[Tobias sent me a robust response to my post on Materialism, Economic and New. I front page it here so that this conversation -- which I believe is a very important one -- can be easily followed for those of you with RSS readers, etc. And, Tobias deserves equal space! -- JJC]
Thanks so much for carrying forward this conversation, Jeffrey. I so deeply respect the work you do in generating dialogue!
In the seminar I described, our goal will be to think about the tension (dialectical relation?) between two narratives of modernity as a series of crises that build toward the current global totalization, in which human beings are geologic agents causing rapid anthropogenic climate change, a scale change that seems to have effected an ontological rift or rupture. In one narrative, the prime mover is capitalism--defined narrowly or broadly, in terms of the production of surplus value, mercantilism and financialization, spatial compression and temporal acceleration, the creation of a proletariat through enclosure and urbanization, the falling rate of profit. In the second narrative, causality is more widely distributed, manifesting in both the positive and negative feedback loops that form through the human extraction of energy and material from ecological and biogeochemical systems.
I am not entirely compelled by attempts to locate a robust account of ecological crisis in Marx (as in the work of John Bellamy Foster, Neil Smith, and Jason Moore), although one does seem to emerge in the Frankfurt School. Marx’s discussion of energy systems (“motive power”) and technology (e.g., in Chapter 15 of Capital Vol. 1) is profoundly insufficient. The notion of a metabolic rift is useful (I’m still trying to figure out how useful)—see, for instance Brett Clark and John Bellamy Foster’s essay “Guano: the global metabolic rift and the fertilizer trade” in Ecology and Power—but it’s certainly peripheral to Marx’s argument Capital. I agree with Chakrabarty in “The Climate of History” that “a critique that is only a critique of capital is not sufficient for addressing questions related to human history once the crisis of climate change has been acknowledged” (212). Even the term “metabolism,” taken from physiology, seems insufficient as the basis of a theoretical model. Some forms of energy (solar, wind) we can exploit almost endlessly without generating rifts. The problem with fossil fuels is not scarcity and exhaustion butwaste, what’s left-over: the fact that carbon dioxide is a byproduct of combustion and just happens to absorb solar radiation.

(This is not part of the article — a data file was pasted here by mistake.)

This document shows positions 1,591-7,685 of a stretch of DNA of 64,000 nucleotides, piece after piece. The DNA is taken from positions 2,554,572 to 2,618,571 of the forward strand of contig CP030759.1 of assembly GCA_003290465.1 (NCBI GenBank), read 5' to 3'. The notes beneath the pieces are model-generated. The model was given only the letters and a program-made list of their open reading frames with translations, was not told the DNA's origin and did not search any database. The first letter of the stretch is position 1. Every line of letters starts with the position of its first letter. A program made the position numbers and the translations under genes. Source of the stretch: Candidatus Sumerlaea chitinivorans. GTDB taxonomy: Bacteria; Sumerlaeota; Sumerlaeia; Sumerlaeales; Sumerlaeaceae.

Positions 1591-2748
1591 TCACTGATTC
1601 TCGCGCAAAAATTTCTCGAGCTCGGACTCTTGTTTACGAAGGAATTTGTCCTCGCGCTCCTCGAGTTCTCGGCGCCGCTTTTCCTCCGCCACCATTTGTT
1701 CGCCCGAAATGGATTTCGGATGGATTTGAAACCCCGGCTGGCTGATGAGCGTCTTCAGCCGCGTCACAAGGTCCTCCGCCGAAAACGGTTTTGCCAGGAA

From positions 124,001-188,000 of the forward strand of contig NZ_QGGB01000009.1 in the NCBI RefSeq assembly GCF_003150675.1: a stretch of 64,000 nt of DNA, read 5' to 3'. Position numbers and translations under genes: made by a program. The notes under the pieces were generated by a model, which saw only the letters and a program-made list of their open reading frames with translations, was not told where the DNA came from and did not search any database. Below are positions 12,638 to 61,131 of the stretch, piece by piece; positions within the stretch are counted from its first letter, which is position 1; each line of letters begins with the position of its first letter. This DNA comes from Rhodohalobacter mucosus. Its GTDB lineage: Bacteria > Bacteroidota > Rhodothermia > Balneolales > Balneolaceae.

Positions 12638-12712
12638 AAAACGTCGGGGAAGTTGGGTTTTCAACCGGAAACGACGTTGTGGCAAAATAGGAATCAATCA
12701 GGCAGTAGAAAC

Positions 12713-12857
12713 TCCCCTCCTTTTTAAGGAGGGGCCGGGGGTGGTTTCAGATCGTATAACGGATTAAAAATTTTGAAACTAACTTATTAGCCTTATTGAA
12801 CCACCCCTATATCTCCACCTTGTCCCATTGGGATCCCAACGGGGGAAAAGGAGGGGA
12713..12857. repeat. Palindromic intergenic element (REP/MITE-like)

This said, I look around at the “objects” in my office and out my window and nearly all of them have gone through a process of commodification, all of them are here, now, because of the global commodity system. Even those objects that are not commodities have been valued by the market. Moore articulates a version of this in an interview:
Wall Street is a way of organizing nature, differently but no less directly than a farm, a managed forest, or a factory. The financial speculation that reinforced underlying contradictions in the production of food, energy, and metals between 2003 and 2008 –the longest, most volatile, and wide-ranging commodity boom of the 20th century –was a decisive moment of world ecological crisis. (http://www.jasonwmoore.com/
uploads/Moore__Wall_Street_is_ a_Way_of_Organizing_Nature__ 2011.pdf)
Margaret and I wrote something similar in our “Red” essay for Prismatic Ecology:
The market is, in effect, always thinking about ecosystems and organisms, regarding them as sites of potential value and translating those quantifications into concrete activity. “It is the abstract logic that attaches to the creation and accumulation of social value,” in the words of Neil Smith, “that determines the relation with nature under capitalism.” However individuals or societies regard the natural world, it is the market’s valuation of ecological matter that is responsible for the most productive thinking about the global environment.